I’ll post these comments on my blog as a pdf that you may download.

Another great resource for proof in geometry is the supplement Tracing Proof in Discovering Geometry. My publisher Kendall Hunt has promised to place excerpts from it on their website .

Thanks for the opportunity to get these thoughts off my chest.

Regards,

Michael

## Jason Dyer

August 5, 2013 - 4:53 am@Michael: If you want a more detailed review than “meh” (I know, call me Ebert) I could try tracking down a copy (it’s been a couple years) and do some page-by-page comments; I don’t have one accessible right now.

I know part of the issue was with the practical exigencies of the school year making “the last chapter” a blur of distraction (prep for the state test, prom, a general student desire to get out the door). I favor a model that at the least samples level 4 earlier in the year, because it feels too new and different from the prior levels for them to get an mastery in the time they have.

## Franklin Mason

August 5, 2013 - 6:11 amI have three comments for Mr. Serra, two specific, one general:

1. Perhaps we agree about two-column proof. It gives rise to the illusion that proof construction is mechanical, and that all correct proofs must take the same form. I find two-column proof profoundly unnatural. It’s better to simply write out your proofs (mostly I call them ‘explanations’) in simple, unadorned language supplemented by whatever symbolism seems appropriate. The goal is not to adhere to some external, teacher-imposed standard of what constitutes a good proof. Rather it’s to satisfy the desire to understand the why of a thing. If a proof does that, it’s good.

2. You say that it’s often inappropriate to pursue systematization from the start in a geometry classroom. Perhaps we mean different things by ‘systematic’. I mean the use of a prior result or postulate (or both) to explain why some new proposition is true. To systematize is to explain. Without it, new facts float free, ungrounded and so unexplained. Thus I think it exactly right to pursue systematization from the start in a high school classroom. I suspect that when a teacher has little success with it, it’s because she begins with the formal apparatus of a typical geometry class. All that – the T, the Given and Conclusion, the postulate and theorem names, etc. – erects a barrier than some students cannot clear. Moreover (and more importantly) it tends to obscure what real mathematics is – the search for explanations that compel.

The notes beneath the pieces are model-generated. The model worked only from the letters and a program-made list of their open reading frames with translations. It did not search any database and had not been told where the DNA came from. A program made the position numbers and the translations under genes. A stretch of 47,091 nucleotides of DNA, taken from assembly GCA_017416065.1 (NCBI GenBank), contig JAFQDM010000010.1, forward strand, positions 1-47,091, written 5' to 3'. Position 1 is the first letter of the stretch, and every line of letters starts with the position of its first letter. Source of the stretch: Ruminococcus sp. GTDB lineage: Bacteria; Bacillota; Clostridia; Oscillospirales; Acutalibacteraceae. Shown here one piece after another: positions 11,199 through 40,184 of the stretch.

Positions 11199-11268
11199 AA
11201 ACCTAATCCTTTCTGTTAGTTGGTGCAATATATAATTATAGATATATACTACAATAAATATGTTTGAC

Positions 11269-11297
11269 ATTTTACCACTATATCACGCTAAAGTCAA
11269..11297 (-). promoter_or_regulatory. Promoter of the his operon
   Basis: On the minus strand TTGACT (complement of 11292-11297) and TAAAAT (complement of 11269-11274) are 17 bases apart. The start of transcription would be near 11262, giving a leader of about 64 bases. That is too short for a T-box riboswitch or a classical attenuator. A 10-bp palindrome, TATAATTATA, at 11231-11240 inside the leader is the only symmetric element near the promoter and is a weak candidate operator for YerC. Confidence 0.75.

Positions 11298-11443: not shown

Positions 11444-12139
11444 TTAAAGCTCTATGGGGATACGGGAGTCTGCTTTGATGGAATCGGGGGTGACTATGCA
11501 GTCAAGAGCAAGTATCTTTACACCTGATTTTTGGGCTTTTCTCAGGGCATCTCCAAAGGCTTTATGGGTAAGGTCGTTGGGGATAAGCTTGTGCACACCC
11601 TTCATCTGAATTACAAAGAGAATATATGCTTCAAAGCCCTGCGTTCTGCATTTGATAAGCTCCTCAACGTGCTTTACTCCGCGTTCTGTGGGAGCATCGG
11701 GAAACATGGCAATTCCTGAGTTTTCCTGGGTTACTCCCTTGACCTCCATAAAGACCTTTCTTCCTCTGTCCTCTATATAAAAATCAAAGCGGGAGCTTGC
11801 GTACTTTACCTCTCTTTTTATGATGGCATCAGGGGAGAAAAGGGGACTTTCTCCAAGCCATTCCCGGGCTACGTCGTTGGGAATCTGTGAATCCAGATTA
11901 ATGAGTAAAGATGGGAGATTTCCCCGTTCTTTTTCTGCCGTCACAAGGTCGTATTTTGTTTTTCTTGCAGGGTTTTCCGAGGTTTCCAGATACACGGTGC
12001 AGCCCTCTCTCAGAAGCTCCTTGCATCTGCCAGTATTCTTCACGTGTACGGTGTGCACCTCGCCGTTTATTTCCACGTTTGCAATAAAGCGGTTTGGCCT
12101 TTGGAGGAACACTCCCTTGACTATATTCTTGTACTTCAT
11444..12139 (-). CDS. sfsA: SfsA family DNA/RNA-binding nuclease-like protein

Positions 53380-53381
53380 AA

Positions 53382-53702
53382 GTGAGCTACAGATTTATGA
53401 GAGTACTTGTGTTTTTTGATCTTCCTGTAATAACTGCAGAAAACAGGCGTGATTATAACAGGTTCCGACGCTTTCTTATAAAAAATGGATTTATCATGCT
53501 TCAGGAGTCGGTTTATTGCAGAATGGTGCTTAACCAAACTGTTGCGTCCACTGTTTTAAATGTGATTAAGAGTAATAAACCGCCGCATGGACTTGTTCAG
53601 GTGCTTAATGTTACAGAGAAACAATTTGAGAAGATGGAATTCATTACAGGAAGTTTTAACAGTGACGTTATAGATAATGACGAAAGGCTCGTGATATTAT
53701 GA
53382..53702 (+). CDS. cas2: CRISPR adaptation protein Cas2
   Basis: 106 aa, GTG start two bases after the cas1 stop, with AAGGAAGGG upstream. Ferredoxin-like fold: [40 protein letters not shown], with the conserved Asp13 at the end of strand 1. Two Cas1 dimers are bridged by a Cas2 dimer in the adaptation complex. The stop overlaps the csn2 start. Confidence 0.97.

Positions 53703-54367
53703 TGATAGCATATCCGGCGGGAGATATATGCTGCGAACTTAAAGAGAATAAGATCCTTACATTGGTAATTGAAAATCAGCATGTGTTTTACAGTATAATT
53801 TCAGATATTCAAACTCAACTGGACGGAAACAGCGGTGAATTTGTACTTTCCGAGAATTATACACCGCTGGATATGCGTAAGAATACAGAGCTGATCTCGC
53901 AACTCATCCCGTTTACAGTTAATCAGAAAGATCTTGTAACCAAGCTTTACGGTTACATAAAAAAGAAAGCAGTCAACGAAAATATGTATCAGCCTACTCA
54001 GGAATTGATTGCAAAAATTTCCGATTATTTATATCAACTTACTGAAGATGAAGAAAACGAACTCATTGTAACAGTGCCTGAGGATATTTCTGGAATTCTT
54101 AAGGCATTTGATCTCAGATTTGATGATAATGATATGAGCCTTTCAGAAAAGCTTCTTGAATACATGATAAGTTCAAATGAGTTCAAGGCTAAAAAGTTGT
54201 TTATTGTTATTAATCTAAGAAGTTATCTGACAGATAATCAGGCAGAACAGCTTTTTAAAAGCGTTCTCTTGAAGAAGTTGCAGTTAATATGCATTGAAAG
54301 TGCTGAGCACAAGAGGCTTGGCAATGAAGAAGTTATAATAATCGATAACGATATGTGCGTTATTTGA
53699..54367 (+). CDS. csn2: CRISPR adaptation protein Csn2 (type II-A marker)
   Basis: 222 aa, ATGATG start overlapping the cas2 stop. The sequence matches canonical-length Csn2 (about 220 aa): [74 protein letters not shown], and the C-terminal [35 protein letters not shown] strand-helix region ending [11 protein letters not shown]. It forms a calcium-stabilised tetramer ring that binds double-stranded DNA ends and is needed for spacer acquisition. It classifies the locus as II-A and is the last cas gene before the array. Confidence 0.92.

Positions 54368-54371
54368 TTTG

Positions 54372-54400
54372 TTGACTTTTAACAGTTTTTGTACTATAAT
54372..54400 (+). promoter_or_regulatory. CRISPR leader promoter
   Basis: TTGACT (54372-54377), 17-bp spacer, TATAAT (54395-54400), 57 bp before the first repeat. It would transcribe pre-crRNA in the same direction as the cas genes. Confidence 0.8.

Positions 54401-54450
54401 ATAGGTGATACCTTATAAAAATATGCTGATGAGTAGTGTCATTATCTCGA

I do think it important to spend quite a bit of time with the postulates. My experience is that students find them quite intuitive – there is only one line through a pair of points, there is only one parallel to a given line through a given point not on it, etc. Thus when we can trace a proposition back to those postulates, their curiosity is satisfied. Students must be led to recognize that postulates are not some set of arbitrary rules imposed by the teacher but are instead just clear, clean statements of what they already believe.

3. I take issue with your example of how to explain that the sum of the angles of a triangle is 180 degrees. You say:

“The investigation should be followed by a second investigation where they cut out the triangle and then tear off two of the angles and arrange them on both sides of the third angle to create a straight line. From this arrangement they can see that the three angles create a line parallel to the third side. This visually explains what properties this conjecture is dependent upon and why the conjecture is true. This can also be done quickly with a patty paper investigation.”

No one can ‘see’ – not with the eyes anyway – that a straight line is created. It will look straightish if students have been careful. But from the appearance nothing can be inferred. For all students know, the sum of the three angles is a bit more or a bit less than 180 degrees. Moreover, to say that a straight line is created is to assume that the sum of three angles is 180 degrees. Thus if we argue in this way – cut out two angles, place them around the third, a line is formed, thus the angles sum to 180 degrees – our argument is circular.

The only way to really explain why the sum of the angles of a triangle is 180 degrees is to invoke the Parallel Postulate (the second of the postulate examples given above). Through that third vertex, there’s a line parallel to the opposite side. Draw it in. Students will already understand that when lines are parallel, alternate interior angles are congruent. This leads almost immediately to the desired result.

To reiterate a point made above: if all of this is presented simply and naturally – as a set of spoken or written sentences – with no unnecessary formal apparatus, almost all students see how it works immediately.

## James Key

August 5, 2013 - 7:40 am@Michael and Franklin, regarding the proof that a triangle has 180 degrees:

I find that students in a high school geometry course are generally familiar with the “180 degrees property” as a fact, although they will not be able to give the reason for it. My own approach is this:

1. Draw a triangle and specify two of the angles. Let’s say they are 60 and 70 degrees. Ask students to find the third angle — they will get 50 degrees. Ask how they knew that. They will say “because a triangle has 180 degrees.” When asked why that is the case, they won’t furnish an explanation. So my next question is this: